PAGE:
SLAW Article Tackles Outsourcing In The Legal Publishing Industry

Gary P. Rodrigues writing for SLAW has published an article worth reading. It’s entitled..Outsourcing in legal publishing – anything (and possibly everything) goes

In the piece he provides an on the ball synopsis of the changes currently underway at the big database publishers as they scrabble to save costs .. and as he suggests they are all hoping that outsourcing is the magic bullet.

He writes:


Market conditions are now in the process of forcing a change in how legal information is produced for delivery online. A combination of increasingly intense competition in the market for online information combined with the downturn in the economy has forced the major commercial legal publishers to explore ways to significantly reduce their costs. They need to ensure that their profit margins are maintained at the same time as the commercial value of their primary law databases is declining.

The first big change underway is the scale of the outsourcing. The second is the movement of outsourcing off shore, not only to the United States, but also to India and other Southeast Asian countries. At this point, outsourcing by the major commercial publishers includes everything from housing databases on “global platforms” to the actual building and updating of legal databases. Following the current trend line, it will be just a matter of time before they are processing of all primary data and creating their value added content off shore.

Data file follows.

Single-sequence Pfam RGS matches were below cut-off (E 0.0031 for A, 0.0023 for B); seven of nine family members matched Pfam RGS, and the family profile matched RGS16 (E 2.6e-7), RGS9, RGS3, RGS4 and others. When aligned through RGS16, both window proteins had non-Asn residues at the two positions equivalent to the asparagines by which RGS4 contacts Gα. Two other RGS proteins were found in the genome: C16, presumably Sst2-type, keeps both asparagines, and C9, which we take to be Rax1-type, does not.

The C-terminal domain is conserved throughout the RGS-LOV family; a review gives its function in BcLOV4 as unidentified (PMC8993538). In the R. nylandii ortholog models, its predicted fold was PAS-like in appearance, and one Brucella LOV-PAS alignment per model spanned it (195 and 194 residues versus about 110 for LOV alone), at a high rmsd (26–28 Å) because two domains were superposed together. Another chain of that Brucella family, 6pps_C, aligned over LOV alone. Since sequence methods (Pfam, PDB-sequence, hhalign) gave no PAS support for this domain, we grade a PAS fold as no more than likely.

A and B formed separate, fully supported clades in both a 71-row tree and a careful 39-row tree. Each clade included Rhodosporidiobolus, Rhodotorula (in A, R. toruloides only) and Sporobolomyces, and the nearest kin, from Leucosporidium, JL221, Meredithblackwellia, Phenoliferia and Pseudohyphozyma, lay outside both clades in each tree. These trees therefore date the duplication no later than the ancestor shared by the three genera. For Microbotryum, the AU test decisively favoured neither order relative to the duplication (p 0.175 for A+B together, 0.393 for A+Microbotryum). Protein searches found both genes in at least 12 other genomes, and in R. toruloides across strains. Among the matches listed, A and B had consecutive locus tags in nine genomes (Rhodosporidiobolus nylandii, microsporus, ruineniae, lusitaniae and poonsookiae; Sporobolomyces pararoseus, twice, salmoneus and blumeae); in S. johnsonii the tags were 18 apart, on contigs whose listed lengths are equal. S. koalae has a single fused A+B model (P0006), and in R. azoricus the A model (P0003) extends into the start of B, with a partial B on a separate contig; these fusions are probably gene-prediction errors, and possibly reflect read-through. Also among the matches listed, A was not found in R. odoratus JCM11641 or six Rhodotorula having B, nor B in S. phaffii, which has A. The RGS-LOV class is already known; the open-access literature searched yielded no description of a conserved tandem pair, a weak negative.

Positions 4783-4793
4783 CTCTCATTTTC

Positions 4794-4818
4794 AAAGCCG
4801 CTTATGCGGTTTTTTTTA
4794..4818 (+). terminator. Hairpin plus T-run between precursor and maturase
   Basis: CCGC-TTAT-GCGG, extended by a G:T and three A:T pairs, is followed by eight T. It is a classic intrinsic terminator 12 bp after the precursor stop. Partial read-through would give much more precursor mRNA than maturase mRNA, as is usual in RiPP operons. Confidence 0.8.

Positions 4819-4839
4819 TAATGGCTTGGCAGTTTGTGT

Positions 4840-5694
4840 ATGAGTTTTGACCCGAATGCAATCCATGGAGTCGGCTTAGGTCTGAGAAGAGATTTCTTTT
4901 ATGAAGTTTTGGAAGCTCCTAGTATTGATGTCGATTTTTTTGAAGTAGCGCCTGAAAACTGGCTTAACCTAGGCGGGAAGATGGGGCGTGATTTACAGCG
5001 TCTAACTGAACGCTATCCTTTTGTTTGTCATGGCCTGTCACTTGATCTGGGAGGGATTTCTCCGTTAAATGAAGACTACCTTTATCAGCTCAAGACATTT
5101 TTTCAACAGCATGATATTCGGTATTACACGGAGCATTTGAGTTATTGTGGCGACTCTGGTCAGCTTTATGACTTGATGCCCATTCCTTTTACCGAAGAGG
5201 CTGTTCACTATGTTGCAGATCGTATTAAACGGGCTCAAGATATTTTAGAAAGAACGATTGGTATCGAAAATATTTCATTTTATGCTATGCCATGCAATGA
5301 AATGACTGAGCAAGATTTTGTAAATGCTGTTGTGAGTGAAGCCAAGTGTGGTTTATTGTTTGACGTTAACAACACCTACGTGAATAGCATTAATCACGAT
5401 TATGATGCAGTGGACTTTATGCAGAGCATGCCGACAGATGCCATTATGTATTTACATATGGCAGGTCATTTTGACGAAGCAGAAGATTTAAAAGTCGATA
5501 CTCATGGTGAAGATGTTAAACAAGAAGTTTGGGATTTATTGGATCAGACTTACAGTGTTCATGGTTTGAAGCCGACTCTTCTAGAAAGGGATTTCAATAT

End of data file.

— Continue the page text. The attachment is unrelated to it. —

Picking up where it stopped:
Rodrigues sounds a note of caution though and says


There is a threat to the publishing company in excessive outsourcing. The dismantling of the publishing team and the loss of the institutional memory of the publishing company that accompanies outsourcing means the loss of the elements required to continue to be competitive in the publishing game. Successful legal publishing houses have traditionally been led by and operated with a strong team of in house lawyers that direct the publishing program and take it in new directions as circumstances require. It remains to be seen what happens when legal publishing companies are run by persons untrained in and largely unfamiliar with either the law or with legal publishing, who have outsourced the core business and the expertise with it.

Read the full article at: